When you walked out the back door of our house, you used to see a small wood fenced backyard. Behind the fence, the ground slants steeply down into a drainage area. Pretty boring, and certainly unproductive.
So, we’ve spent the last year making some improvements that will increase our food production and certainly our quality of living. The biggest change recently is the garden terraces pictured at the top of this post, which Austin and I built with the help of a couple friends.
I cut quite a bit of the wood myself using our handy mobile miter saw. Not gonna lie — I’m pretty proud of myself. I feel like I should get in touch with my high school shop teacher, and let him know that his C+ student is doing okay for herself.
Here’s another view (from the top), which includes the chainlink fence we had someone else install.
The chainlink fence is great, because it will deter some of our bigger chicken predators, like coyotes. (Yes, we have coyotes! When the weeds and brush were high back in this area, the boys say they spotted one at dusk. And our naturalist neighbor reported a sighting in the area as well.) And when I’m not worried about the large wild predators, then it’s the domesticated ones. I’ve tangoed with two roaming dogs that appear to be someone’s pets who escape frequently.
It was one of those critters that leaped over the chicken run fence — in the one spot where that is possible — and broke the necks of our 2nd round of backyard chickens. (Of the first round, two of the three we had were eaten by either a hawk or an owl.)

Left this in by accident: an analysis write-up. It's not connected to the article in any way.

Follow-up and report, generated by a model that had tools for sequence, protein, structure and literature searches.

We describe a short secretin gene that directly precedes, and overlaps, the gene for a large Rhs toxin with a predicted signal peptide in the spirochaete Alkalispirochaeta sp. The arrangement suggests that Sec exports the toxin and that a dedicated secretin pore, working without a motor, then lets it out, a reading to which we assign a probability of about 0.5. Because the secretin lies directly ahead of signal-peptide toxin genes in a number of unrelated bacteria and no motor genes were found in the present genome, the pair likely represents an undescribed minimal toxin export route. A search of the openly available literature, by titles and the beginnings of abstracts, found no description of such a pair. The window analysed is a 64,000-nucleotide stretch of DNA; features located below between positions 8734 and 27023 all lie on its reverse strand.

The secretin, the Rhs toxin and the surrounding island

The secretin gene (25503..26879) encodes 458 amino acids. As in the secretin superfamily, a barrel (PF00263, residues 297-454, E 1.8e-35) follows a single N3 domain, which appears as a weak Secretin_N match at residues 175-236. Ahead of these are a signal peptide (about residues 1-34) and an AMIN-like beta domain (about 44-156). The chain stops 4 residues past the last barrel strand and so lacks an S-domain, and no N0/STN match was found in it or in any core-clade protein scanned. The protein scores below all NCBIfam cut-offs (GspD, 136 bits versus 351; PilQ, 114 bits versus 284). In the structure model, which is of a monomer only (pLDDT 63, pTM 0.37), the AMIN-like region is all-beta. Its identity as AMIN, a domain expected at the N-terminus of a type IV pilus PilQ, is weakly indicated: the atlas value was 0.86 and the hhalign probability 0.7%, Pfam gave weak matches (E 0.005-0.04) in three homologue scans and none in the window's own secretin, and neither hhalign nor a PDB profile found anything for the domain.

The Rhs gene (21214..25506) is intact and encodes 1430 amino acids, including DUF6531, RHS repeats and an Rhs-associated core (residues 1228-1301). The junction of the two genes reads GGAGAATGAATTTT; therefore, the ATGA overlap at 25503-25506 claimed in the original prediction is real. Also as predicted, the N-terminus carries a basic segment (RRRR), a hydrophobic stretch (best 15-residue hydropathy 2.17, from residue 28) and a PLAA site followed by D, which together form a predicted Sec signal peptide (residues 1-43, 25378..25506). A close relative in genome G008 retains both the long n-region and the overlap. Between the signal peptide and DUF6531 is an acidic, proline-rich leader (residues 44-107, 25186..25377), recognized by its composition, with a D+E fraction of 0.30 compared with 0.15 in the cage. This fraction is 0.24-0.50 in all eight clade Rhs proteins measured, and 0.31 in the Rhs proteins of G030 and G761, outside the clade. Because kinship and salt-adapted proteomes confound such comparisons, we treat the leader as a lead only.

With the additions of the fence and the garden terraces, we plan to do quite a bit more planting. Along the fence, I’m going to transplant some blackberries I got from my mother. We hope to also add raspberries and perhaps grapes. I’d really like to get my hands on some mustang grapes, but it looks like I might have to travel south to acquire them from a nursery.
In the garden terraces, I’m hoping to purchase some ollas for irrigation (see video below). Then we plan to plant them up with all kinds of goodies — from greens to peppers to tomatoes to edible flowers and herbs. I’ve already ordered and acquired enough seeds for the next two or three seasons, but I’m still debating how I might start some early seedlings indoors or with the help of a cold frame.
Also, deadlines. Our wedding is coming up mid-March, and I’m feeling the pressure to get the backyard in tip-top urban farm shape. Got to put my permaculture best foot forward. Fortunately, it’s a good kind of stress, the kind that really satisfies my soul.